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MHA Graduate Andrew Holland spearheaded combining cycling and virtual reality to help seniors get active
Dalhousie graduate student Andrew Holland has helped facilitate the adoption of BikeAround, an innovation targeted towards seniors in Atlantic Canada that combines low-impact exercise with virtual reality.
The Masters of Health Administration student spearheaded the
initiative to promote the physical and cognitive health of seniors.
BikeAround is the first technology of its kind in Atlantic Canada.
Andrew was awarded the Student Entrepreneur of the Year award at the Dalhousie Impact Awards on Thursday, March 27 for his innovation.
Combing exercise and cognitive stimulation
BikeAround uses a stationary bike equipped with rotating handlebars that is hooked up to a screen surrounding the bike. As the cyclist pedals, a projector displays a virtual path on the screens using Google street view. The rider's view swivels as the handlebars turn, creating an immersive experience for the seniors.
The inspiration for adopting the BikeAround, says Andrew, was the existence of programs in Scandanavian countries which take seniors on rickshaw rides around the city – especially beneficial for those with mobility issues.
“They take seniors around and they found that It was really good for their mental health as well as they cognitive health in terms of bringing back some memories and things like that – helping with dementia.”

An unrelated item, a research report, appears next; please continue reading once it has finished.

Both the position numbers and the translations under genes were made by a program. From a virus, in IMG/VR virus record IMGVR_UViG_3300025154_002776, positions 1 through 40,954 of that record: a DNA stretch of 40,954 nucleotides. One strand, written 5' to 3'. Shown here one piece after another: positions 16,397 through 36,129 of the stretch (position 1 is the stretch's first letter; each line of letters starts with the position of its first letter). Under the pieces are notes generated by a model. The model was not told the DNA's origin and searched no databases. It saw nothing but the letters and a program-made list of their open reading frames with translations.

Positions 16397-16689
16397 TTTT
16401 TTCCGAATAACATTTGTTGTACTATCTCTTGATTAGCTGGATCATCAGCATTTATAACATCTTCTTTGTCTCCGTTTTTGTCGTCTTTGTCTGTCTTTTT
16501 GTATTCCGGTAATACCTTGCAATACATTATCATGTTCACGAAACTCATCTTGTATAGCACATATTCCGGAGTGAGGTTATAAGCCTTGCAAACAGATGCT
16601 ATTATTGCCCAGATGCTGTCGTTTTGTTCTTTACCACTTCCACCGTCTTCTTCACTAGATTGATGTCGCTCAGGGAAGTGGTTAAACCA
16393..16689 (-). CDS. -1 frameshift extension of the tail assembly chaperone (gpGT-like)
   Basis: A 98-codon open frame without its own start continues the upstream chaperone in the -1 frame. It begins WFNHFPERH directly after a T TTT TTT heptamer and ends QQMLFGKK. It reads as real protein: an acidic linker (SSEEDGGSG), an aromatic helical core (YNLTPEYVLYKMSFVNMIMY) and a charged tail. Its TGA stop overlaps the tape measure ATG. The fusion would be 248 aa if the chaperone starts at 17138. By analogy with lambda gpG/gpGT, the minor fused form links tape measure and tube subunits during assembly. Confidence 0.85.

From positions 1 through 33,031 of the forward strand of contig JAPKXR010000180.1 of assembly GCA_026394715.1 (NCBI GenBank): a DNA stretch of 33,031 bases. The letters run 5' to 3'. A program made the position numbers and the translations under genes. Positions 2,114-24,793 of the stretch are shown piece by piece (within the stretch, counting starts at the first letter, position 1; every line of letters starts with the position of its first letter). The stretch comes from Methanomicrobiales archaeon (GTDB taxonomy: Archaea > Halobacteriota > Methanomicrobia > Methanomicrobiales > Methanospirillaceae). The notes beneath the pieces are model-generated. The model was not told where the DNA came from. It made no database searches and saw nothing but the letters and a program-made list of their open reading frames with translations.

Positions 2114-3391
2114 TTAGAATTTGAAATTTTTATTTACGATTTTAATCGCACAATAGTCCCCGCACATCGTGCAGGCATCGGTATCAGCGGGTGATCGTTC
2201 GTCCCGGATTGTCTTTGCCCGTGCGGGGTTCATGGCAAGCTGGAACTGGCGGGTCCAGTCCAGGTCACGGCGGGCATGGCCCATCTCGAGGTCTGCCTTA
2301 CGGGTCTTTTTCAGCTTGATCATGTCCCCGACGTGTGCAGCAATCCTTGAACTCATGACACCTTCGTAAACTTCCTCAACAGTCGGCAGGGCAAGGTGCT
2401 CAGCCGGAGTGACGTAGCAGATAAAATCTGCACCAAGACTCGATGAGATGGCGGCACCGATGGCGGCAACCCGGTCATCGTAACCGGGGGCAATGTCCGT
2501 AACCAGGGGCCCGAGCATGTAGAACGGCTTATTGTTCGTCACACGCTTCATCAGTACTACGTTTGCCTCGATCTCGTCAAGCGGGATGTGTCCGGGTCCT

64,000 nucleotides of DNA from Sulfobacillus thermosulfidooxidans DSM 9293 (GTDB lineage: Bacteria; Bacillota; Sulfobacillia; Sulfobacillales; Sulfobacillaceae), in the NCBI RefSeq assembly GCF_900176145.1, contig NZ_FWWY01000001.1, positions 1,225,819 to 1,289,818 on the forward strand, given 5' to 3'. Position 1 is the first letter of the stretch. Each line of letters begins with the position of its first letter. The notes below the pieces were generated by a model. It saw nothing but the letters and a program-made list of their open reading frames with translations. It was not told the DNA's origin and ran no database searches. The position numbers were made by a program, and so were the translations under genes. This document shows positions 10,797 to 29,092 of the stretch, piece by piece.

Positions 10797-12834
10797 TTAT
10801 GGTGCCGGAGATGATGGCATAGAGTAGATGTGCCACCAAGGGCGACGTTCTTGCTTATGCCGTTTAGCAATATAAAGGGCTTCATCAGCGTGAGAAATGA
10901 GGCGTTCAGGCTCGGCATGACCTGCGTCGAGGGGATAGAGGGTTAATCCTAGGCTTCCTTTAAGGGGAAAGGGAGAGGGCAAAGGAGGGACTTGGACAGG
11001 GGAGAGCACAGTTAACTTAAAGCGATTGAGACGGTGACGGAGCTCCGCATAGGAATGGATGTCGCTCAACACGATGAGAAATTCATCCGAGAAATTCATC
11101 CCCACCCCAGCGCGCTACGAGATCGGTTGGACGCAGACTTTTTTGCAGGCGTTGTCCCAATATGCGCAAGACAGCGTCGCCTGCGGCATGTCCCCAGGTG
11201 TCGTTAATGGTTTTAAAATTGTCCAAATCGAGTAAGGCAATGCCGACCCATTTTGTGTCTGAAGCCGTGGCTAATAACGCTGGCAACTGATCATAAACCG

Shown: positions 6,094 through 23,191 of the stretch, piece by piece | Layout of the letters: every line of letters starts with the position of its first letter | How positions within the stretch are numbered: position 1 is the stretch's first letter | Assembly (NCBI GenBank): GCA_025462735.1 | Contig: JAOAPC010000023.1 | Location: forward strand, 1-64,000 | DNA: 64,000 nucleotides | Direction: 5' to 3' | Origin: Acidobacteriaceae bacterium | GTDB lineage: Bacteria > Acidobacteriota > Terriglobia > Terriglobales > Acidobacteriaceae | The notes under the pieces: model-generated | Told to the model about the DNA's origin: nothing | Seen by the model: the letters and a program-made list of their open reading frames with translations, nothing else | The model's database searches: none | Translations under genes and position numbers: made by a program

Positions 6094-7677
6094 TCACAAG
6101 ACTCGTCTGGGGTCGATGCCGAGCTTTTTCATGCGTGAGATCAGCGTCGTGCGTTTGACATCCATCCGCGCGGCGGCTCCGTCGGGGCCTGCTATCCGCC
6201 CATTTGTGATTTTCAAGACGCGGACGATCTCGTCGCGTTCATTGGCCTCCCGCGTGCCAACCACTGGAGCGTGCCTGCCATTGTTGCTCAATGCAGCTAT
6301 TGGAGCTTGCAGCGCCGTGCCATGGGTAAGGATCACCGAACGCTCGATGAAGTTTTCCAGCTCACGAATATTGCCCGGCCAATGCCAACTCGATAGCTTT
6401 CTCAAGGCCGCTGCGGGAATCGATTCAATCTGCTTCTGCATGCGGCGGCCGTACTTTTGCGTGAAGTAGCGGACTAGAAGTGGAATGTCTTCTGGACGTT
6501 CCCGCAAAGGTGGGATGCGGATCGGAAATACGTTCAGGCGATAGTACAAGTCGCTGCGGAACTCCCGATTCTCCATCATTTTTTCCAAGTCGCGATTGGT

BikeAround was funded, in large part, by a Healthy Canadians grant through the Canadian Medical Association. The grant is awarded yearly and provides $10,000 to fund a health-oriented organization in each province. The focus of the Healthy Canadians grant this year was on Senior Health and Community Well-Being.
“We fit into that really well," he says. "It was a huge help. The total cost was $22,000, and BikeAround probably would not have happened if they had not given the money. It was very much appreciated.”
Companionship across decades
“There’s a bit of an issue with our senior population and social isolation – especially when they’re living in [long-term care] homes or have cognitive decline,” says Andrew.
He is working to create a partnership between Ocean View and local high schools to pair upper-year student with a senior companion. As the senior residents complete their exercise, the students provide them with company and help to stimulate their cognitive function through conversation. Holland says the residents and volunteer coordinators have shown immense enthusiasm for the program.
The senior-student companion program will run once a week for about half an hour with the focus on fostering intergenerational relationships and encouraging conversation.
“It’s nice to be able to facilitate [socialization] in some way – especially with an intergenerational program where the youth are able to bring some kind of energy and enthusiasm and the seniors are able to impart some wisdom, a little bit of history about their culture," he says. "It’s a nice trade-off. It’s good for them.”
BikeAround is set to officially launch on May 31, 2019.
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